Lord Cashman, founder of Stonewall, heartily commended the government on the new regulations, emphasising that he supports having “no opt out” for the relationships element of the curriculum and adding that it will mean all children will be educated about sexual abuse and LGBT bullying. The Labour peer called for HIV and sexual health to become core elements of the RSE curriculum.

Stonewall tweeted shortly after the vote, “This is a huge step forwards for LGBT-inclusive education.”

Head teachers can veto withdrawal requests

Lord Curry of Kirkharle
Lord Curry of Kirkharle

Lord Curry, among others, expressed misgivings that head teachers will be able to veto parents’ requests to withdraw their children from sex lessons, in “exceptional circumstances”. Several peers criticised the vagueness of the guidance, which fails to specify what such circumstances might be.

The crossbench peer warned that if parents’ rights were diminished in principle, schools would be less likely to take parents’ feedback seriously and could simply override their concerns.

Lord Curry also spoke out for teachers who may find themselves in an “impossible situation” if asked to teach in a way that contradicts their faith or beliefs.

Many peers called for detailed reporting to parliament over the next few years to assess the impact of the law as these very significant changes are rolled out in schools.

Blurring lines between sex education and relationships education

The Bishop of Durham, Paul Butler said, “relationships matter” particularly our “relationship with God”. He was glad that sex education would still be optional in primary schools, but deeply concerned that relationships education would now be compulsory.

The Bishop spoke of the risk of “blurring” the teaching of sex education and relationships education and urged that “great care” should be taken to avoid inappropriate sex education being given to very young children in the guise of relationships lessons.

Lord Hodgson highlighted his and the Scrutiny Committee’s concern that relationships education and sex education will “morph into each other”. He urged the House to note the Scrutiny Committee’s recommendation to “ask the Minister for a fuller explanation of the interrelationship between these two subject areas”.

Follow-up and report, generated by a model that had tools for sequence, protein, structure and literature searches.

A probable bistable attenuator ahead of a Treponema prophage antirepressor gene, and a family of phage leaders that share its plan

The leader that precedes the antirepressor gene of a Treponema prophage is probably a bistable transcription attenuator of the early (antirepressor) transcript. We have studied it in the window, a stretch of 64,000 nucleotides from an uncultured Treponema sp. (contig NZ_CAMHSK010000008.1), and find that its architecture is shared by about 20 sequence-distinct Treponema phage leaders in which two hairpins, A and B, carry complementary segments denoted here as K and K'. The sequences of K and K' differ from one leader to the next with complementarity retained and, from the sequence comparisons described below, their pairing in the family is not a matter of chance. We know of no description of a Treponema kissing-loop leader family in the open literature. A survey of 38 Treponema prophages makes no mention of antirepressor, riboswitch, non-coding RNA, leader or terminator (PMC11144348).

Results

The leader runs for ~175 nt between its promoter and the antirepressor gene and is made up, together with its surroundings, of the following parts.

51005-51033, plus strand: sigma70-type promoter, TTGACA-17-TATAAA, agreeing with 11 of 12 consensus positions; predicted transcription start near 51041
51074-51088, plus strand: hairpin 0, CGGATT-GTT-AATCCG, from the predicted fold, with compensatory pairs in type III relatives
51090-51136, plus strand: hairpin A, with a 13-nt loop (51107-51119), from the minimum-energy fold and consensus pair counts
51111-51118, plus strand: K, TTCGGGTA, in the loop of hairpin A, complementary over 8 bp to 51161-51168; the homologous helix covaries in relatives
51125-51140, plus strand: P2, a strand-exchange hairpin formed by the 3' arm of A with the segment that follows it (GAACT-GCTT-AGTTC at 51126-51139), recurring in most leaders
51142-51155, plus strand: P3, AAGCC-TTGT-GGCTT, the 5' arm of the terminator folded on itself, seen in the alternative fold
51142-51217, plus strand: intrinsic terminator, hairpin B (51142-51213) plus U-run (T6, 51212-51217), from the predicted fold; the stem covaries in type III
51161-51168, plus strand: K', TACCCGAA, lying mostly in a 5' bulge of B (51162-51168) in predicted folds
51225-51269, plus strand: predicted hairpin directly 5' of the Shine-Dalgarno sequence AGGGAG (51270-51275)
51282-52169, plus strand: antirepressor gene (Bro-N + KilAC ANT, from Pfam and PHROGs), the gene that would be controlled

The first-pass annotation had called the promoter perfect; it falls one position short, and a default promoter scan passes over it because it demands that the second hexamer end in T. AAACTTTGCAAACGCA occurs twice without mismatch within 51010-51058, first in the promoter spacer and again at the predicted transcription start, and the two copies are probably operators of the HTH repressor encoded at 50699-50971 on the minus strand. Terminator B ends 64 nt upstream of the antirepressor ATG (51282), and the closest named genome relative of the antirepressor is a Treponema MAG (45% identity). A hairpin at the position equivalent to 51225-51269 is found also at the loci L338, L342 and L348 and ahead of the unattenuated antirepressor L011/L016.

Lord Hodgson of Astley Abbotts, member of the Secondary Legislation Scrutiny Committee
Lord Hodgson of Astley Abbotts, member of the Secondary Legislation Scrutiny Committee

Parents may have even greater influence on schools' RSE policies under new rules

Several peers made a strong case for the importance of schools to closely consult with parents on the RSE curriculum and maintain a high level of transparency about the content of lessons.

Surprisingly, under the new law, despite diminished rights to opt out children, parents may have even more say about what is taught to children and how it is taught.

Provided parents stay involved and engage fully in the discussion options open to them, they may actually have greater influence on schools’ RSE policy than under the previous regulations.

Barnabas Fund will follow up soon with guidance on how parents can closely influence schools’ policies on teaching and content for relationships and sex education classes.

Barnabas Fund would like to warmly thank all our supporters who made the House of Lords debate possible by writing to the Secondary Legislation Scrutiny Committee.